Prof Sheila McNamee has written extensively about constructionist approaches, especially in health care practices which address questions about pragmatic and relational concerns.

Her article “Research as Social Construction: Transformative Inquiry” (2010), published in the Brazilian academic journal Saúde & Transformação Social (Health and Social Transformation) provides one of the most accessible and succinct outlines of social constructionist research that I have encountered. Highly recommended reading.

View a copy of her article: http://goo.gl/NtyMqk

Creative Commons License Published under a Creative Commons License

19 December 2013 

'Like' isn't good enough

Facebook only has a ‘Like’ button (it wasn’t introduced to Facebook until 2009). This supports the old adage that “if you have nothing good to say about something, then say nothing at all.” People who like to call others names because they think differently would reduce Facebook to a social hell. And advertisers on Facebook will face more scorn than they’d be willing to put up with. So aside of creating a virtual world that is as angry and unsustainable as the real world we are escaping from, I don’t understand the benefit to Facebook or its users of the introduction of the new ‘unlike’ stickers in their chat facility. This probably won’t get much take-up amongst think-alike friends, but will further fuel the popular demand for post and comment ‘Unlike’ buttons in Facebook.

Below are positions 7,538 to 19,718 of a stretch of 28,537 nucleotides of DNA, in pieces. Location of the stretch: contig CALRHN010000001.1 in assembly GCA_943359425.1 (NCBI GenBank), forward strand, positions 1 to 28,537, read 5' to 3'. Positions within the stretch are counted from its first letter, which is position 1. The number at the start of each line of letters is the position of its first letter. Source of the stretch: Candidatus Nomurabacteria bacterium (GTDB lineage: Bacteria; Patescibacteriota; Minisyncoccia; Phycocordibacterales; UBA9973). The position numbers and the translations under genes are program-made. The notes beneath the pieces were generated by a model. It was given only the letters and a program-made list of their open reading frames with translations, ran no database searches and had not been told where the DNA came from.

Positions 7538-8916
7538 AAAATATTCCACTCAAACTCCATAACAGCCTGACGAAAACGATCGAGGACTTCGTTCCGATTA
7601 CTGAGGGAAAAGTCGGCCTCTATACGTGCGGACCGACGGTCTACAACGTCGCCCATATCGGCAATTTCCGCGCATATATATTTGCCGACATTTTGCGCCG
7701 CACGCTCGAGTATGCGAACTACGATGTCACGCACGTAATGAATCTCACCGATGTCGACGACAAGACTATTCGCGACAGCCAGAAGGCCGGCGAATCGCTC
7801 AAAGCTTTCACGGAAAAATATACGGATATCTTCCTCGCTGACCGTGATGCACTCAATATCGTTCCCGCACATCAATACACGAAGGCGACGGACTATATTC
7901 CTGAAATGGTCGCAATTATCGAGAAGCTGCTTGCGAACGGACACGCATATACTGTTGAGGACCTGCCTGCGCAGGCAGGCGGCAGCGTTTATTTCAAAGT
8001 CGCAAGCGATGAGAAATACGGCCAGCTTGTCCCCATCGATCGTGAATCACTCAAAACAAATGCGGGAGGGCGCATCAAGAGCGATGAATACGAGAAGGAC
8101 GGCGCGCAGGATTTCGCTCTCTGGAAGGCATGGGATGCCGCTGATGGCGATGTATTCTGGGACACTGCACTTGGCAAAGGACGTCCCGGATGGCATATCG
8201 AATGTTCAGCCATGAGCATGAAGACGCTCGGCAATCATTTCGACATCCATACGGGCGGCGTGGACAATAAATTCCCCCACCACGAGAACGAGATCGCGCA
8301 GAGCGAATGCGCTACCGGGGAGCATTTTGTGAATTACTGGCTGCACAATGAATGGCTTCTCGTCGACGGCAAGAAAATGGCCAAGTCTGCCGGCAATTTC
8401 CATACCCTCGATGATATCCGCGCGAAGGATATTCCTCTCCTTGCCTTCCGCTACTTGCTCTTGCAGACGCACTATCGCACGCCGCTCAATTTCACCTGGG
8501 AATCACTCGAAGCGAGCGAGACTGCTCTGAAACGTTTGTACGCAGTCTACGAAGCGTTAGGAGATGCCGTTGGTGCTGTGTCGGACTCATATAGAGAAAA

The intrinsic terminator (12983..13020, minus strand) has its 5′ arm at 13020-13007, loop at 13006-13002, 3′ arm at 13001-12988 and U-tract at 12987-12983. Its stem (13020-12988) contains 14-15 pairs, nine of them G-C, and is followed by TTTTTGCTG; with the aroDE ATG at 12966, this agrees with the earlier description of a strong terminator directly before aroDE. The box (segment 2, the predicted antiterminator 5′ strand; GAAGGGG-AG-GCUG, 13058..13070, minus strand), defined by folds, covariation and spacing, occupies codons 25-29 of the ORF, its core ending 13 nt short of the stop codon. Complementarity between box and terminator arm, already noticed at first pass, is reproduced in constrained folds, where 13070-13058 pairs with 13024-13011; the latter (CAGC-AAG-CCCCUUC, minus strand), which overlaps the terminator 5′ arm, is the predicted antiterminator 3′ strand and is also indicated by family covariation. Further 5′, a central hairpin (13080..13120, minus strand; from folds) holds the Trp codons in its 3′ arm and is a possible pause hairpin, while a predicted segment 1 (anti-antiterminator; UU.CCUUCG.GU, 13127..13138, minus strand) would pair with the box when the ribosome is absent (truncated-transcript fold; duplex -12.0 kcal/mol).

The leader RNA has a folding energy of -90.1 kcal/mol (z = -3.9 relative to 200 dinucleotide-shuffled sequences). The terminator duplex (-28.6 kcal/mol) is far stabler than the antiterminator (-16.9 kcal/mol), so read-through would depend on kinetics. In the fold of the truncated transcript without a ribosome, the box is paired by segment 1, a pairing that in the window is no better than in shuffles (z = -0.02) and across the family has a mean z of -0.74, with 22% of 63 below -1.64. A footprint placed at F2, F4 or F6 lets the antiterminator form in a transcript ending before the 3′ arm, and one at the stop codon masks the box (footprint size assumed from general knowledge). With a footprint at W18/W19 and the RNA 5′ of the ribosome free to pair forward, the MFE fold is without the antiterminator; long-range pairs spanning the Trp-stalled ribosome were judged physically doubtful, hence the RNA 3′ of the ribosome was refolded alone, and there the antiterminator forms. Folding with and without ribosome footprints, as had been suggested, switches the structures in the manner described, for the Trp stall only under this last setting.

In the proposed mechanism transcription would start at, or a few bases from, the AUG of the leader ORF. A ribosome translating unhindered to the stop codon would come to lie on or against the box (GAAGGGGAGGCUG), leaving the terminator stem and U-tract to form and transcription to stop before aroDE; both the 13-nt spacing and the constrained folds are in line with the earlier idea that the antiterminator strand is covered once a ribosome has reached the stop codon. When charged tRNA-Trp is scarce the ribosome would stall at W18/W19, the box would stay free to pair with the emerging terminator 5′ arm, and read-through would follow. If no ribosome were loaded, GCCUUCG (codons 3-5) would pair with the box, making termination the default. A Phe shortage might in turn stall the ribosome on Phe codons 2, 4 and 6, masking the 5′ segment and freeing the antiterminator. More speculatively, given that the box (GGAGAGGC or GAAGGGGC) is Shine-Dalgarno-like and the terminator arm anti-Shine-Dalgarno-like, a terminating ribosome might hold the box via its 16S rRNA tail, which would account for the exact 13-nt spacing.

Several friends agree when I suggest that Facebook needs an “Empathise”, “Acknowledge” or “Respect” button. To ‘Like’ somebody’s sadness or distress is just wrong. And if somebody says something that I don’t happen to agree with, I would want to indicate my tolerance of their right to say it. It would be a progressive thing to do. Maybe the shaka or hang-loose would work \…/

Creative Commons License Published under a Creative Commons License

12 December 2013 

Lyn Carson: Improving Democracy with Deliberation

My PhD supervisor Prof Lyn Carson offers good advice about why introducing deliberation into public policy decision making is worthwhile.

Creative Commons License Published under a Creative Commons License

05 December 2013 

Auto-generated metadata

Metadata are the categories that you and your transactions and online activity (like what you ‘like’ on Facebook) are automatically put into, building an ongoing descriptive profile of you. Your location (e.g. nearest mobile cell) is one such category. Grocery corporations with a loyalty card know exactly what kind of shopper you are.

Today while doing online banking, I find a list of all my credit and debit card transactions in a list categorised by transaction type: groceries, fuel, entertainment, clothing, ‘internet shopping’, etc. Then there is a graph showing how I’ve spent my money this past year. On the surface, this seems like a terrific idea. But upon closer inspection, I find that at least half of the category assignments are wrong. A local take-away restaurant meal purchased online is labelled as ‘rent’. My road toll charges are shown as ‘parking’. And unsurprisingly, bank charges by my own bank are put into the ‘miscellaneous’ category.